If you happen to have a young dog at home who’s approaching the one-year mark, you’re probably wondering when your once-pint-sized puppy will reach full size. Though many believe that all dogs stop growing after a year, this isn’t always the case. Dogs grow at different rates according to breed, health, diet, and other factors. However, experts do provide some general guidelines that should help you figure out whether your particular pup has already reached full size or may still have some growing up to do.
On Breed and Build
Generally, the larger-framed and stockier the dog, the longer it will take for it to become fully grown. Having said that, the smallest dog breeds like Chihuahuas and Yorkshire Terriers are the quickest to reach full size, usually taking between 9 - 12 months to reach their adult size. Smaller but stockier breeds like Shih-Tzus and Pugs take just a bit longer, from between 11 - 13 months. Medium-sized dogs like Cocker Spaniels and Bulldogs take between 12 - 16 months to stop growing, with the stouter Bulldog taking a bit longer to reach full size and weight. Likewise, stocky large breeds like Rottweilers will take longer to reach full size than larger-framed but leaner Irish Wolfhounds. Large breed dogs can take up to 24 months to reach their full frame size and as much as 36 months to reach their full adult body weight!
Diet and Exercise
Though average growth time largely depends on the dog’s breed size and body type, food and activity level can play a huge role in how slowly or quickly your dog grows, and in its eventual adult size. Experts caution against overfeeding puppies, as this can lead to unhealthily rapid growth which in turn can cause bone structural issues into adulthood. Also, while puppies’ bones are still in the growth and strengthening stage, it’s important that they get regular exercise but NOT of the high-impact variety. Running, jumping, and leaping onto hard, non shock-absorbent surfaces may be detrimental to proper bone development. For this reason, you should stick to soft grassy areas and carpet until their bones can take the impact of regular leaping and running on hard ground (around 9 months for small breeds and 14 months for large breeds).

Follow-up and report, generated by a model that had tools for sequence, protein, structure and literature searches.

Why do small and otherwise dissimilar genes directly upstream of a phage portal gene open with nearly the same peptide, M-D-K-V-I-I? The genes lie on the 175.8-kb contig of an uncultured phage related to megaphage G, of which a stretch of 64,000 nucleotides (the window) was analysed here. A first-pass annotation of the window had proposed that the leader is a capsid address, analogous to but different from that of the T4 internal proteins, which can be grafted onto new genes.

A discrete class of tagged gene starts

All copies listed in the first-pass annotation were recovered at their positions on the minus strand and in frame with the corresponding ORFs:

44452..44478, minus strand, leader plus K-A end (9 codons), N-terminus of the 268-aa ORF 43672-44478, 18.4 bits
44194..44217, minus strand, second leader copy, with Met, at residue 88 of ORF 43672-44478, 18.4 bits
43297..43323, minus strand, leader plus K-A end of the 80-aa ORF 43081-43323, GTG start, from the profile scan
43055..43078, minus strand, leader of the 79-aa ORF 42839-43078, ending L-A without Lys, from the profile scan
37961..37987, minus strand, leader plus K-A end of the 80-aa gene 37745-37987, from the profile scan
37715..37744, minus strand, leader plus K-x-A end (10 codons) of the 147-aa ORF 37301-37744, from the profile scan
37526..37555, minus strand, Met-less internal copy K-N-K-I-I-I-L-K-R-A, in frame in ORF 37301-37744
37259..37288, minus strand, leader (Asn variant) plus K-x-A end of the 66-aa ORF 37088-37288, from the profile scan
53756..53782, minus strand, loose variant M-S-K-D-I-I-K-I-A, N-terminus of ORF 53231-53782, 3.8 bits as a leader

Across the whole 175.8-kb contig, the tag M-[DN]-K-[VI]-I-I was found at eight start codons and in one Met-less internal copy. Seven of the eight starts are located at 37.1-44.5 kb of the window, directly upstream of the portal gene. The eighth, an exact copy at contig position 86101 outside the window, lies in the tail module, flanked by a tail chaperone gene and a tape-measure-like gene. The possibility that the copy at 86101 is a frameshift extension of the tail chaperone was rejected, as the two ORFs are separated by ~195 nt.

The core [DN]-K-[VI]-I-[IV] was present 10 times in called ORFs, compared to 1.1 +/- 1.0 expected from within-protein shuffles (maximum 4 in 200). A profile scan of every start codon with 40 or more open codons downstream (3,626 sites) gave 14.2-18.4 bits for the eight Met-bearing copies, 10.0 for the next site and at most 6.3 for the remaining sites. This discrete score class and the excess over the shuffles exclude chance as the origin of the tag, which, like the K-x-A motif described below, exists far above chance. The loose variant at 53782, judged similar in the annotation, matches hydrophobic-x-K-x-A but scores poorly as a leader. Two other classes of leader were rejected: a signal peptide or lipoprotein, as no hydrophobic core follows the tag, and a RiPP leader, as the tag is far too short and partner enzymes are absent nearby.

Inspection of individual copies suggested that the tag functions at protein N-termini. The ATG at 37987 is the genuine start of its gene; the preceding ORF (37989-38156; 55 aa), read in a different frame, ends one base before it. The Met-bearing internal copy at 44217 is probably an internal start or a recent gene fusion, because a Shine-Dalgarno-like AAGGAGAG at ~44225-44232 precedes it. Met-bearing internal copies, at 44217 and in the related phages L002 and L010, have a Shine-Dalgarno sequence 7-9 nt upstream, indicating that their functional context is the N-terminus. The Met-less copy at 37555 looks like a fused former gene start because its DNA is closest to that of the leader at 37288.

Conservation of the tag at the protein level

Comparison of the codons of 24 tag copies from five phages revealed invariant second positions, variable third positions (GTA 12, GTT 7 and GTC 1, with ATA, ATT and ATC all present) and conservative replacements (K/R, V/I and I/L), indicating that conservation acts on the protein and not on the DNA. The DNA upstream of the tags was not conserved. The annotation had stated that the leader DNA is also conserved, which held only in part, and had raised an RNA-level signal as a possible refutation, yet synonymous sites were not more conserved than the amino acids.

Big Babies and Little Adults
It’s also important to understand that (just like with people!) growth rate doesn’t always match maturity rate. Just because your dog may have reached full size doesn’t mean that they’ve expended all of their “puppy energy.” Energetic herding breeds (like the Border Collie) typically take longer to mellow out than other breeds, regardless of their physical size. Even breeds that are quite similar in size and appearance can have very different maturation rates. For example, Shih-Tzus tend to act like adults as early as 12 months while their Lhasa Apso cousins can often retain their puppy-like personality traits until the age of 3.
By Maya M.